This blog contains a commentary on the GDPR, as Microsoft interprets it, as of the date of publication. The tools and services referenced herein are not designed to ensure GDPR compliance but to assist you and your organization with your data classification and categorization, an important step in the journey to compliance. The application of GDPR is highly fact-specific and not all aspects and interpretations of GDPR are well-settled. As a result, this blog is provided for informational purposes only and should not be relied upon as legal advice. We encourage you to work with a qualified legal professional to discuss the meaning and applicability of GDPR and how best to ensure compliance for you and your organization.
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About the Authors: Alice Kupcik is a Senior PM in the SQL Database Security team at Microsoft and is passionate about all things around data privacy & protection. Tony Smith is an Azure Data Solution Architect with a primary focus on analytics & data platforms
The GDPR sets a new global bar for privacy rights, security, and compliance to protect the privacy rights of individuals and will require significant operational changes by organizations. The requirements around the right of individuals to access, rectify, erase (‘be forgotten’), object to processing personal data & the need to strongly secure that personal data may lead to challenges in traditional data movement processes prevalent in analytics and data warehousing.
This post will discuss those challenges and illustrate how the GDPR may place new restraints on data staging & transformation. It will then present an alternative architecture which utilizes several capabilities within Azure Analysis Services to address those challenges in a unique way.
Fundamentally, the in memory architecture & data shaping capabilities of Azure Analysis Services allow high performance, flexible reporting whilst potentially allowing personal data to remain in place at the System of record. In turn this will hopefully help support organisations on their journey towards GDPR compliance.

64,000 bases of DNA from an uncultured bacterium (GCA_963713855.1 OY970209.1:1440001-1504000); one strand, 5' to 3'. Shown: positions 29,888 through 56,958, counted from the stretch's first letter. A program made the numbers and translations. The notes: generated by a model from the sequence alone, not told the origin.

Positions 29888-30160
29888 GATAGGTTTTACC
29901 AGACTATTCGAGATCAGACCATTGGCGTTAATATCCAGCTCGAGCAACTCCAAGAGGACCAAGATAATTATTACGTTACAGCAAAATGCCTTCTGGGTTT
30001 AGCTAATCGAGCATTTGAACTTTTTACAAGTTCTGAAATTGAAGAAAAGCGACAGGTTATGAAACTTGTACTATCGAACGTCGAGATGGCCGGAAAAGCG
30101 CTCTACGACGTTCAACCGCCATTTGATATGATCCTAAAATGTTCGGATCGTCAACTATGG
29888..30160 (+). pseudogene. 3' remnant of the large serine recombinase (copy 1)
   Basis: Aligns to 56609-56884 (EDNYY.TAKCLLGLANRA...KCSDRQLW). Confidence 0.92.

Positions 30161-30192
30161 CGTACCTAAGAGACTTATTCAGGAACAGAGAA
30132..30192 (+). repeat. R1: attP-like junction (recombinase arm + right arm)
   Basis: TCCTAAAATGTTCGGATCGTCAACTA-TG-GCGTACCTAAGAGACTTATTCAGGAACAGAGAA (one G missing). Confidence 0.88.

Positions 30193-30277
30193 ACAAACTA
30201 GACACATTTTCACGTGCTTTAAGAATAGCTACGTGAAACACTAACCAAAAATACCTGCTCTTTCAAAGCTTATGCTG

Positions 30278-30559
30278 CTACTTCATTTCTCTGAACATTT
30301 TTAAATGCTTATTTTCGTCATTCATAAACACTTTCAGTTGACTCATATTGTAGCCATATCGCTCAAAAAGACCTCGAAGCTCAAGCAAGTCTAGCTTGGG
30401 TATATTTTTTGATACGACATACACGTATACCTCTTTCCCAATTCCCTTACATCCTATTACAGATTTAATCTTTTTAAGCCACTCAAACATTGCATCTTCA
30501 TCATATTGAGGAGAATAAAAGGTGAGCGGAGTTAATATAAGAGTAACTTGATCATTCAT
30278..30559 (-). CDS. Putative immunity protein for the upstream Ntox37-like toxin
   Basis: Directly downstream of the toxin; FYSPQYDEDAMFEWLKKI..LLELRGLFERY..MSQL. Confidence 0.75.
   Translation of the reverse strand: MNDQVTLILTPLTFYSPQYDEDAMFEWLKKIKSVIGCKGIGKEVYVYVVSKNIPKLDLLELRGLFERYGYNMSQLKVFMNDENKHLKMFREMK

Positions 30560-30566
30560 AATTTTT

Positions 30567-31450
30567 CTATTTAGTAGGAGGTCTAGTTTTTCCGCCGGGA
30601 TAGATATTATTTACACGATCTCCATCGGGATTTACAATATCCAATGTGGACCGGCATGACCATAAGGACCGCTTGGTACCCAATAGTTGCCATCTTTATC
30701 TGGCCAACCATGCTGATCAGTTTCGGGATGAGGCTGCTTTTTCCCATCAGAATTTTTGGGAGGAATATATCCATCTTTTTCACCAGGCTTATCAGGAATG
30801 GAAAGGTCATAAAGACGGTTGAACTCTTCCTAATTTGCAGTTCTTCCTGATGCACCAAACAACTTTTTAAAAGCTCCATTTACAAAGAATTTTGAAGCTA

GDPR – a brief summary of responsibilities
GDPR is a complex and far reaching regulation with multiple requirements.
Under the GDPR, individuals have the right to access their personal data, correct inaccuracies in that data, have their personal data erased upon request (the “right to be forgotten”), object to the processing of their personal data and generally have a finer level of control. There are also complex privacy rules around who can access personal data, the justification for that access & how long the data can be retained. Further, organizations will likely need to think about classification of that data as the GDPR has multiple aspects. This post on the GDPR & Azure Data Catalog explains that classification process in more detail and shows how ADC can be used to capture the necessary categorisations across the organisation.
Furthermore, organizations will likely have to ensure appropriate policies are applied to personal data sets. Again this post goes into more detail however applicable policies may include some of the following:
The key point however is that policies and processes may need to be in place for every data set held anywhere in the organisation if that data set includes personal data. For example, if an individual makes an erasure (“right to be forgotten”) request it may be the case that their information must be removed from the customer system of record, any downstream systems holding their customer data and any staging or intermediate area in between. Unfortunately, for traditional Analytics architectures, there could be a lot of downstream systems, and a lot of intermediate stages.
GDPR & data replication, the problem statement
Many enterprise architectures will be in the process of moving to a services or micro-services model which allows customer (and therefore personal) data to be fetched as needed via a service interface over the Enterprise system of record for that data. However, although this approach works well for OLTP scenarios the same isn’t generally true for analytics environments. In almost all cases customer data may and will take part in large scale join operations – fundamentally the 2 data sets need to be brought together in some form. Furthermore, Customer data can be reasonably complex, requiring significant flattening & denormalising before it can be used, for example, in a star schema query.
Finally, the data movement path of personal data, in fact any data sets used in analytics, can be multi stage and complicated.
Above is a simplified customer master schema, normalised over 3 tables. As customers can have multiple addresses (and similarly 2 or more customers can have the same address) there’s a many to many relationship in place. There are analytics tools which can deal with this but typically some work would be done to turn this into a reporting structure.
In a standard (pre GDPR) data warehousing/analytics environment the normalised structures might be landed in a landing area or data lake. That data may go through one or more transformations and stages before being transformed into a dimension table as part of a star schema. In turn that customer dimension table may be pushed to 1 or more data marts for focused analysis.
At the same time there may be a number of data analysts who prefer large flattened structures to work on. In this instance for example customer, product, sales & revenue data may all be combined into a single wide row of denormalised data which is then exported to be used in Excel or other desktop tool.